Citizen volunteers in N.NV who respond on-scene with emergency responders to provide emotional & practical support to survivors of tragedy.

To really understand the importance of what TIP volunteers do, you need to understand what we call the horrible hour, whichoccurs immediately following a tragic event. That hour is often the worst period of their entire lives. There are 5 aspects of the horrible hour that make it important for a TIP volunteer to be there.

1. The horrible hour involves a huge loss in a person’s life. It may be the loss of a spouse of 50 years, the loss of a child, or the loss of a home. We experience smaller losses as we go through our daily lives, but when TIP is called to help, someone has experienced the BIG ONE.

2. The horrible hour is something our clients never planned for. They are taken totally by surprise. In many cases, those we have been called to help have just made a terrible discovery — a woman returns from shopping and finds her husband dead, for example. That discovery begins her horrible hour.

3. Those we are called to help are not experiencing their horrible hour in a nice, quiet, & familiar environment. Rather, the environment is often chaotic. It may be in a noisy emergency department, or on the side of a freeway or in the person’s home with emergency personnel coming and going.

4. Often, the person experiencing the horrible hour is alone. Loved ones haven’t arrived yet. The people who are there may be…emergency responders who appear cold and uncaring…or well intentioned helpers who say and do the wrong things…or family members who are themselves traumatized.

5. The person experiencing the horrible hour is often asked to make dreadful decisions . . .

. . . ‘What mortuary should I use to pick-up my child?’

. . . ‘Should I donate his organs?’

. . . ‘How should I tell my child his father killed himself?’

Unfortunately, the person faced with these decisions does not have the experience, the information, or a clear head to make them.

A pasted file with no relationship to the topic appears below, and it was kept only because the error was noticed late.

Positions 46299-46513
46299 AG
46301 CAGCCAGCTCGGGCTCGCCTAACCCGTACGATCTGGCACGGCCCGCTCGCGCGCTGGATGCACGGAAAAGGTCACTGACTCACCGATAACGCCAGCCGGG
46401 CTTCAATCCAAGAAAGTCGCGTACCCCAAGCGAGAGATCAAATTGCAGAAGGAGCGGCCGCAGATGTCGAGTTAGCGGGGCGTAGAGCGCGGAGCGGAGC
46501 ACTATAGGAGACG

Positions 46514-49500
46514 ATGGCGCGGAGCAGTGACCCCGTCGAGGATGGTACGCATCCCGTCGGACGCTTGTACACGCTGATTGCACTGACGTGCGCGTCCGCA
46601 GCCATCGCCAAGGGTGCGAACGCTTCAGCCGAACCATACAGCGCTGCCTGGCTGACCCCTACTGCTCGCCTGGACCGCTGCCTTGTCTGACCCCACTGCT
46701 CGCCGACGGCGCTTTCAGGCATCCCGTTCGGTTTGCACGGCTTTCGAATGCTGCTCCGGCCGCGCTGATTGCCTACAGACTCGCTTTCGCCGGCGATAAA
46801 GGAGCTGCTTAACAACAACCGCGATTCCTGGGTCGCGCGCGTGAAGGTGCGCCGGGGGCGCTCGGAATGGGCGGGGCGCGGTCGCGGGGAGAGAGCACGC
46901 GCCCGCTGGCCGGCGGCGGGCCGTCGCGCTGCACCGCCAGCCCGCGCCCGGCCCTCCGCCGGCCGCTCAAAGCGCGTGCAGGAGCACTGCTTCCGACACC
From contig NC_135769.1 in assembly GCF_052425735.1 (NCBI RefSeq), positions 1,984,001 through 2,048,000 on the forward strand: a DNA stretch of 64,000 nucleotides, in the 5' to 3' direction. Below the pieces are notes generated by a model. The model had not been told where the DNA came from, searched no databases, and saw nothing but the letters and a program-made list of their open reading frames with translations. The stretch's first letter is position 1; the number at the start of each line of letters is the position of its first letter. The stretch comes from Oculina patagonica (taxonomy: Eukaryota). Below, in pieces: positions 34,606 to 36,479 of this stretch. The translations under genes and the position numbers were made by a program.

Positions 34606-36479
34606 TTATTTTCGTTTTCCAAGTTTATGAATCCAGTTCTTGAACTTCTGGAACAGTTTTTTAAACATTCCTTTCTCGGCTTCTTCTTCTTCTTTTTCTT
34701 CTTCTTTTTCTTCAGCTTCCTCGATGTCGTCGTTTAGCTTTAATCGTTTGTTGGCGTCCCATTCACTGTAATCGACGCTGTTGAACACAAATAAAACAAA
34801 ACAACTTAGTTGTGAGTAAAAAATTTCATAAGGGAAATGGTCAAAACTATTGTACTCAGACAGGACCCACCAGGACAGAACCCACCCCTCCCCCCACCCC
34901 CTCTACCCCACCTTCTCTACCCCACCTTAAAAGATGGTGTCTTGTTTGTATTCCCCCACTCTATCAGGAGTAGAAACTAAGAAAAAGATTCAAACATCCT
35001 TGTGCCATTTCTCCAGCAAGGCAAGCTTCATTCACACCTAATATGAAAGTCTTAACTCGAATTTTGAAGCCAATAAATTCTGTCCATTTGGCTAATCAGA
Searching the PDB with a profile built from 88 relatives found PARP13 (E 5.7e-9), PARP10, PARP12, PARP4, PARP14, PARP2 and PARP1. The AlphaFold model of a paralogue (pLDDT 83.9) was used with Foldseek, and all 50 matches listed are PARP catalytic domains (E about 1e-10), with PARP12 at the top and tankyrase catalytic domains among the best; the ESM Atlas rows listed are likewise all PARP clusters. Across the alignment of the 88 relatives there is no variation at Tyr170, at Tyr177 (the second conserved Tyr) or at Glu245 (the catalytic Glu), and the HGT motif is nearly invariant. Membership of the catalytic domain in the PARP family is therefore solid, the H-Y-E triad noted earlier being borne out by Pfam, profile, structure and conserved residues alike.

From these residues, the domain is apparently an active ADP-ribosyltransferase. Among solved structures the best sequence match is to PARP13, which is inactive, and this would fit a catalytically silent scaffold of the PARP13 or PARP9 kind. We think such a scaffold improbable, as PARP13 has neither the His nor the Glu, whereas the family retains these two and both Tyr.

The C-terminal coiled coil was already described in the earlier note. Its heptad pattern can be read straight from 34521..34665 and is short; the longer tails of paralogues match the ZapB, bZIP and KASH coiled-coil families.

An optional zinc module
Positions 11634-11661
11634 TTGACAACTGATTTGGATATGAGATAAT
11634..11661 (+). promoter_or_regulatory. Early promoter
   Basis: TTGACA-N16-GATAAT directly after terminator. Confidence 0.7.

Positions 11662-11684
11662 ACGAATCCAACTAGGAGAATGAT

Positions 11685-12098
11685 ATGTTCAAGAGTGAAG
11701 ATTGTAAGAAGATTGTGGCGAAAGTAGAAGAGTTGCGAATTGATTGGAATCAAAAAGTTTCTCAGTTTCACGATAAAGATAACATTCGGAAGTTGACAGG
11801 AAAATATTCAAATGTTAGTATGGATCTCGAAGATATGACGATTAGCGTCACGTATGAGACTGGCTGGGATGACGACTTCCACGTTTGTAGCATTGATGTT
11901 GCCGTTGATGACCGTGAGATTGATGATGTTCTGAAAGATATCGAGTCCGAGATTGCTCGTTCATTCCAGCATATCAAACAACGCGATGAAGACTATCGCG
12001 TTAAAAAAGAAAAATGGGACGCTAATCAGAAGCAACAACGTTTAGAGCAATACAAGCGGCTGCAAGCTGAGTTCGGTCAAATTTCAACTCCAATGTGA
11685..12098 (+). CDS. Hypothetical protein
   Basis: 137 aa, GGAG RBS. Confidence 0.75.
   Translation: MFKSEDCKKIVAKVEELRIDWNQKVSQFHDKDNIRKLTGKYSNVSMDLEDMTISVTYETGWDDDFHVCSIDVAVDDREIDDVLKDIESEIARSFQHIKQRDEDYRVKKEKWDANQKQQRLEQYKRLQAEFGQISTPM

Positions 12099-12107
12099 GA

These horrible situations leave those we are called to assist devastated. Each person reacts differently, but it’s very common for our volunteers to encounter people who are shocked, confused, shaking, sobbing, angry, feeling guilty, and filled with questions. But the word which best characterizes people who we are called to help is lost. TIP volunteers arrive to guide them through the worst hours of their lives.

What TIP volunteers do . . .

. . . First, they provide emotional support. They listen and let the person know that ‘You are not alone . . . I am here for you.’

. . . Second, TIP volunteers serve as protectors. If necessary, volunteers protect their clients from unhelpful helpers, the media, carnage, or the consequences of their own forgetful or impulsive behavior.

. . . Third, TIP volunteers are information advocates. They obtain information about the situation from emergency responders for those who desperately need it. Our volunteers also function as educators. For example, they may explain what their clients are feeling is normal; or they may educate a parent about how to talk to her 5-year-old about the death of his father.

…Fourth, TIP volunteers help their clients develop a simple plan that will guide them through the horrible hours ahead. This plan may include information about mortuaries, the coroner’s procedures, clean-up services, and the tasks that need to be done after death has occurred.

. . . Finally, TIP volunteers help our clients to make a tragic event the very personal event it is. Volunteers may help a client say goodbye to his loved one, obtain a lock of hair, or retrieve a wedding ring.

In summary, our volunteers walk into chaotic situations to help people who are alone and temporarily incapacitated. TIP Volunteers serve as guides throughout what we call the ‘horrible hour’. By providing the services described, our volunteers help traumatized clients regain a small sense of control. While our clients are certainly nowhere near ‘OK’ when our volunteers leave, they do have the information and the support they need to move forward.

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